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Public Health Inspector

Public health inspectors identify and assess immediate and potential health hazards. They promote human health through consultation, education, and enforcement of legislation.

Also Known As

Environmental Health Officer, Public Health Inspector, Public Health Executive Officer

NOC Codes

In Canada, the federal government groups and organizes occupations based on a National Occupational Classification (NOC) system. This alis occupation may not reflect the entire NOC group it is part of. Data for the NOC group can apply across multiple occupations.

The NOC system is updated every 5 years to reflect changes in the labour market. Government forms and labour market data may group and refer to an occupation differently, depending on the system used.

Here is how this occupation has been classified over time.

2006 NOC

  • 2263: Inspectors in Public and Environmental Health and Occupational Health and Safety

2006 NOC-S

  • C163: Inspectors in Public and Environmental Health and Occupational Health and Safety

2011 NOC

  • 2263: Inspectors in public and environmental health and occupational health and safety

2016 NOC

  • 2263: Inspectors in public and environmental health and occupational health and safety

2021 NOC

  • 21120: Public and environmental health and safety professionals

2023 OaSIS

  • 21120.00: Public and environmental health and safety professionals
Duties
Updated Mar 31, 2024

Public health inspectors ensure compliance with public health legislation and regulations. They investigate, evaluate, and deal with health-related complaints related to environmental factors. They inspect public and private facilities, such as:

  • Food processing, preparation, and service establishments
  • Rental housing
  • Public accommodations such as hotels and motels
  • Schools
  • Child care facilities
  • Playgrounds
  • Supportive living and long-term care facilities
  • Animal facilities (feedlots)
  • Water supplies (private and public)
  • Swimming pools, whirlpools, and spray parks
  • Public beaches and recreational camps
  • Entertainment facilities
  • Personal services facilities such as tattoo shops
  • Work camps
  • Special events venues
  • Waste management systems
  • Workplaces

In general, they assess circumstances, provide advice, and ensure compliance with policies and regulations. These could pertain to:

  • Food safety
  • Water quality (drinking and recreational)
  • Communicable disease or infection outbreak control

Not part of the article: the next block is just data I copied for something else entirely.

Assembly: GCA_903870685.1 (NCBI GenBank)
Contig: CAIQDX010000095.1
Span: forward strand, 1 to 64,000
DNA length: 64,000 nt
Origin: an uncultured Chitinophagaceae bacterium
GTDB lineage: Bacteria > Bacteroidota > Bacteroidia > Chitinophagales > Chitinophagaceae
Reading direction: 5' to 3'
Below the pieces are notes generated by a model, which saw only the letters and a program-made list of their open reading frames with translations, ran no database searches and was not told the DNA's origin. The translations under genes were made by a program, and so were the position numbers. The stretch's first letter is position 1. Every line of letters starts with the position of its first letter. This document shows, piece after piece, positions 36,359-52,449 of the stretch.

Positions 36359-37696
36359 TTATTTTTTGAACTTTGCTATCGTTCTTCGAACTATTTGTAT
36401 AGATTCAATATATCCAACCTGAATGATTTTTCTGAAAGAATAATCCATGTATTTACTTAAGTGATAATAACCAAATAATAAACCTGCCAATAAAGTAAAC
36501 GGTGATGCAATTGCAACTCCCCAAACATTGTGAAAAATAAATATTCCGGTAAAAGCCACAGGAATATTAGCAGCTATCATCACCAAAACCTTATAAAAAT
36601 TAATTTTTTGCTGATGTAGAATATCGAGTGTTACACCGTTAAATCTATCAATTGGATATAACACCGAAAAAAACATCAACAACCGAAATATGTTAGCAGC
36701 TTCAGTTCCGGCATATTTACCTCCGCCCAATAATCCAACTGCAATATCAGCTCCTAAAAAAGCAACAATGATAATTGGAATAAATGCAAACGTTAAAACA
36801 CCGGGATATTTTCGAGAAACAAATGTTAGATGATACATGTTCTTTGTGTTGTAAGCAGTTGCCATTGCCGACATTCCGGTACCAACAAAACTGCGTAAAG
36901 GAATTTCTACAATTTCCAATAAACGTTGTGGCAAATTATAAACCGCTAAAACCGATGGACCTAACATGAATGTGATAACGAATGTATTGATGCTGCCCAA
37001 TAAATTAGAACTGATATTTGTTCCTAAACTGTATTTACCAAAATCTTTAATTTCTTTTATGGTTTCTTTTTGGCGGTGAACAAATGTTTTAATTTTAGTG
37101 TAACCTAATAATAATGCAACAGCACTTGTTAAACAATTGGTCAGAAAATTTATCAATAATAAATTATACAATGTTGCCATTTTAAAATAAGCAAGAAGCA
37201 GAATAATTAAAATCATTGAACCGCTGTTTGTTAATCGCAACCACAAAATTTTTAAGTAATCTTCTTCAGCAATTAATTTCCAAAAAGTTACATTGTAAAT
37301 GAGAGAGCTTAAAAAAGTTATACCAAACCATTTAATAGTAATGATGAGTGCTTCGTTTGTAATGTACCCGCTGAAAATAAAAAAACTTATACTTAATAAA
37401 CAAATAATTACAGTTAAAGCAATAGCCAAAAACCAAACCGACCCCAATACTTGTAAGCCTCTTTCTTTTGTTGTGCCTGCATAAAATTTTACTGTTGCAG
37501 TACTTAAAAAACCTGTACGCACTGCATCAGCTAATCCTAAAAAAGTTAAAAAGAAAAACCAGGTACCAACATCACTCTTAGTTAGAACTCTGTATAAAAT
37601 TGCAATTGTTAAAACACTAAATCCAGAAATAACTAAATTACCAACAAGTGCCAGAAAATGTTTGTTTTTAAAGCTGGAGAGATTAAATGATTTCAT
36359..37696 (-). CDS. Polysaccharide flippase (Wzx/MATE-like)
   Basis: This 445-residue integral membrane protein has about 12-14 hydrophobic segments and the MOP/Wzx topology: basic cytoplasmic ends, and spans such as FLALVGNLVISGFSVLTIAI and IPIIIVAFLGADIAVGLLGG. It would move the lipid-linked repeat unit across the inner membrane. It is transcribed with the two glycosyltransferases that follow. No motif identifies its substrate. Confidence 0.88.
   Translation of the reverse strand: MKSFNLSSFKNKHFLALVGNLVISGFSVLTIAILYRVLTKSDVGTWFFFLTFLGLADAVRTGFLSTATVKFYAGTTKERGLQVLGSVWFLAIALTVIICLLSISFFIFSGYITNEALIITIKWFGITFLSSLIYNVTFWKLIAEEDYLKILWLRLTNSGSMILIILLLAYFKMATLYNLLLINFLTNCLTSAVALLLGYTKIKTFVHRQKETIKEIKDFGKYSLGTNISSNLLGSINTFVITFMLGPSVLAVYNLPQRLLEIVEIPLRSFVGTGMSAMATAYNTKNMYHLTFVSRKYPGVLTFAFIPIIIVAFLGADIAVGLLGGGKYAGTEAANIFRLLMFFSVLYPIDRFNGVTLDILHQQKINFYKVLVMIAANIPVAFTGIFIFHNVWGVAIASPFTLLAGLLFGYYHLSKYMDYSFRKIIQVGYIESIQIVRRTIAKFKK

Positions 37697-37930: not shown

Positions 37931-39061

• Emergency or disaster management (such as during floods, tornadoes, wildfires)
  • Tobacco, smoking, or vaping regulations
  • Public markets / farmer’s markets / special events venues
  • Commercial food facilities
  • Institutional sanitation
  • Public health complaints
  • Air quality (outdoor and indoor)
  • Land contamination

They act as secondary emergency responders in health-related circumstances (ensuring safe food, water, and shelter for people effected by emergencies) during events such as forest fires or floods. They also help people learn and understand regulations and the need for proper health protection. For example, they may be involved in injury prevention and other health-promotion programs.

Working Conditions
Updated Mar 31, 2024
  • Strength Required Lift up to 10 kg

Public health inspectors spend much of their time inspecting a wide range of work settings and locations, so travel is often required. While in their offices, they prepare reports, set up schedules, and answer questions from the public. They normally work alone but they may consult with other health professionals and service organizations. Examples include local municipalities, the SPCA, and child-protection services.

They most often work regular office hours but they may work overtime, weekends, and on-call shifts.

Interests & Abilities

In Alberta, this occupation is part of 1 or more 2006 National Occupational Classification (NOC) groups. If there are multiple related NOC groups, select a NOC heading to learn about each one.

Inspectors in Public and Environmental Health and Occupational Health and Safety

2006 NOC: 2263

Interest Codes

Interest Codes for This NOC Group
METHODICAL

Interest in handling materials to collect water samples and other materials for analyses; and to develop, implement and evaluate health and safety programs and strategies